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Originally published June 18, 2014 at 6:26 PM | Page modified June 18, 2014 at 9:36 PM

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Coast Guard makes case to refurbish idled icebreaker

The Coast Guard’s No. 2 commander said refurbishing the Polar Sea icebreaker — diverted from the scrap heap and now sitting idle in Seattle — can help meet the nation’s Arctic mission for the next decade.

Seattle Times Washington bureau

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The government could just sell 5-10 of its (always grounded) F-35's, and buy the USCG a new icebreaker. They'd be... MORE
It is beyond crazy that there is any debate on this subject. MORE
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WASHINGTON — The U.S. Coast Guard’s No. 2 commander said refurbishing the aging Polar Sea icebreaker now idled in Seattle would allow it to meet the nation’s Arctic mission for the next decade until a replacement ship can be built.

The comment Wednesday by Vice Admiral Peter Neffenger is the Coast Guard’s clearest endorsement yet for fixing up the 1970s-era Polar Sea, which in 2012 was on the verge of being decommissioned and used for spare parts for its sister ship, the Polar Star.

In an interview at a seminar on Arctic shipping hosted by the Royal Norwegian Embassy in Washington, D.C., Neffenger said salvaging the Polar Sea would be a “viable alternative” to a new heavy-duty icebreaker that could cost up to $1 billion.

“We think that would be adequate (to meet the mission) for the next 10 years,” Neffenger said.

In March, then-Admiral Robert Papp offered a more tepid embrace during a congressional hearing. Papp testified that returning the Polar Sea to service was an option, but noted for the record that “I didn’t say a good option.”

Neffenger, who began serving as vice commandant in May, said retrofitting the Polar Sea would be a stopgap solution. It can take a decade to build a new icebreaker, and the United States needs to act quickly.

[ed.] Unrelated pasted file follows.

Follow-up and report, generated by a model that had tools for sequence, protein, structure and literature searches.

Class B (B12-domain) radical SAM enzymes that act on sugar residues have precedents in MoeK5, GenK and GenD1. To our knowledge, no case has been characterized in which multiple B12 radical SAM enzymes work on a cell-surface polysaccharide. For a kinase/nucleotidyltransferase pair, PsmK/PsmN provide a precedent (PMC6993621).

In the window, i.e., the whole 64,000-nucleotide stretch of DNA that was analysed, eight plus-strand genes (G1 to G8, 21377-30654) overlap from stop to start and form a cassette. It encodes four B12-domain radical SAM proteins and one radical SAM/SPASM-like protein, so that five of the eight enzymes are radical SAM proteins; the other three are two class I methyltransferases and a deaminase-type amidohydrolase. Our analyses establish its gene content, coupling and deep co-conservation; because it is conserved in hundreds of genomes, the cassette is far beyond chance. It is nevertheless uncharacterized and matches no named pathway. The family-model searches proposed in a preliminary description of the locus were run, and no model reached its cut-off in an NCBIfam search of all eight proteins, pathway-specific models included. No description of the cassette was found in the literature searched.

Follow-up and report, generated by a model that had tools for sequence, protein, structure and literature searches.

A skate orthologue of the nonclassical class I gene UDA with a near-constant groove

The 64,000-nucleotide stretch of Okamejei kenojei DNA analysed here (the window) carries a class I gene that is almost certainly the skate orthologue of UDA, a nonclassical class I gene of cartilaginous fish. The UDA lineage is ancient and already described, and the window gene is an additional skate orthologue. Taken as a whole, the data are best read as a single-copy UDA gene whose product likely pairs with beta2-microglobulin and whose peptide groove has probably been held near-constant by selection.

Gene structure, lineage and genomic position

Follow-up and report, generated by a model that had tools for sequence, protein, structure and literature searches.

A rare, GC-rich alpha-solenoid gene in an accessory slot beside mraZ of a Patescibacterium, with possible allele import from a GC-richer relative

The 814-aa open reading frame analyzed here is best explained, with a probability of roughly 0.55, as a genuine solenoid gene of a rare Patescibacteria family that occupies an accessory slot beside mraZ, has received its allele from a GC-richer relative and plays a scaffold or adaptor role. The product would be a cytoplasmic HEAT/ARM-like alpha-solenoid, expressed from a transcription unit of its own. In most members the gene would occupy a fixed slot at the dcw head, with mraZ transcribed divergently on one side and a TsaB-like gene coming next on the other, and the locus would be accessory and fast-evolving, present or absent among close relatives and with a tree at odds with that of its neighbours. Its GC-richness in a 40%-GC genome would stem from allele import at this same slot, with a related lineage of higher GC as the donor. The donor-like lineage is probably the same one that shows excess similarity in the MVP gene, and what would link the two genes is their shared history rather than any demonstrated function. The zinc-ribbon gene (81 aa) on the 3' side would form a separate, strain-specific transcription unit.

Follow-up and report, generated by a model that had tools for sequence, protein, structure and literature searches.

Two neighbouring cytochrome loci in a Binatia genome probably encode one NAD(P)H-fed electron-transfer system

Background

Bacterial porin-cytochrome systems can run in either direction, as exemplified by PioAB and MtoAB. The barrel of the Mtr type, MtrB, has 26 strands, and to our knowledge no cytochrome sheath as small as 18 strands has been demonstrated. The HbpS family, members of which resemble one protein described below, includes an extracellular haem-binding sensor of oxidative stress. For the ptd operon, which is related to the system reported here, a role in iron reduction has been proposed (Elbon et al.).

“That window is now,” he said.

The Polar Sea’s fate and the future size of America’s icebreaker fleet are among the key policy questions for carrying out the nation’s Arctic strategy, a blueprint for asserting U.S. interests as warming polar temperatures open up Earth’s northernmost region to increased traffic and exploration.

The decisions also would affect Seattle, home to the Coast Guard’s three-ship icebreaker fleet. In March, U.S. Sens. Maria Cantwell, D-Wash., and Mark Begich, D-Alaska, introduced a bill to refurbish the Polar Sea at a cost of about $100 million.

The Polar Sea and its twin, the Polar Star, are well past their 30-year service life. The Polar Star emerged from a four-year, $57 million overhaul in late 2012 from Vigor shipyard on Seattle’s Harbor Island.

The Coast Guard has said it would prefer to build new icebreakers, but it lacks the budget. An amendment in the 2014 defense bill written by Cantwell, Sen. Patty Murray of Washington and the Alaska senators to authorize construction of as many as four heavy-duty icebreakers was dropped without a vote.

The third icebreaker, the Healy, is a researcher ship whose steel hull is designed to break through thinner ice.

Cantwell, in a statement Wednesday, welcomed the Coast Guard’s support for refurbishing the Polar Sea. She urged the Obama administration and Congress to put up the money not only for that, but for new ships as well.

U.S. Rep. Rick Larsen, D-Everett, who spoke at the Arctic seminar, warned that the United States is failing to fully prepare for the economic, environmental and security issues brought by changing polar climate.

Larsen noted that Russia, which has the world’s largest government-owned icebreaker fleet, with 22 vessels, is building another ship that will be bigger than any. Russia also has moved aggressively to map the sea floor to claim rights over its Arctic continental shelf that extends beyond the 200-mile territorial zones.

Countries like Russia, Norway and even non-Arctic states like China are investing in equipment and research to profit from new shipping routes and potential oil and gas exploration, Larsen said.

He said it was only in 2009 that a Russian icebreaker guided two German ships in making the first commercial passage through the Northern Sea Route linking Europe and Asia. Last year, 71 vessels made the journey amid melting ice through the route, also known as the Northeast Passage.

Yet many Americans’ view of the Arctic, Larsen said, is that “it’s way up north and there isn't much going on up there.”

Such an attitude means “we’ll miss out on the chance to take advantage of these opportunities and to hedge the dangers they present,” said Larsen, who serves on the House Subcommittee on Coast Guard and Maritime Transportation.

Among other things, Larsen is pushing to create a post for ambassador-at-large for Arctic affairs. The United States is the only country among the eight-member Arctic Council, an international forum, without a high-level representative to the group.

Kyung Song: 202-383-6108 or Twitter: @KyungMSong

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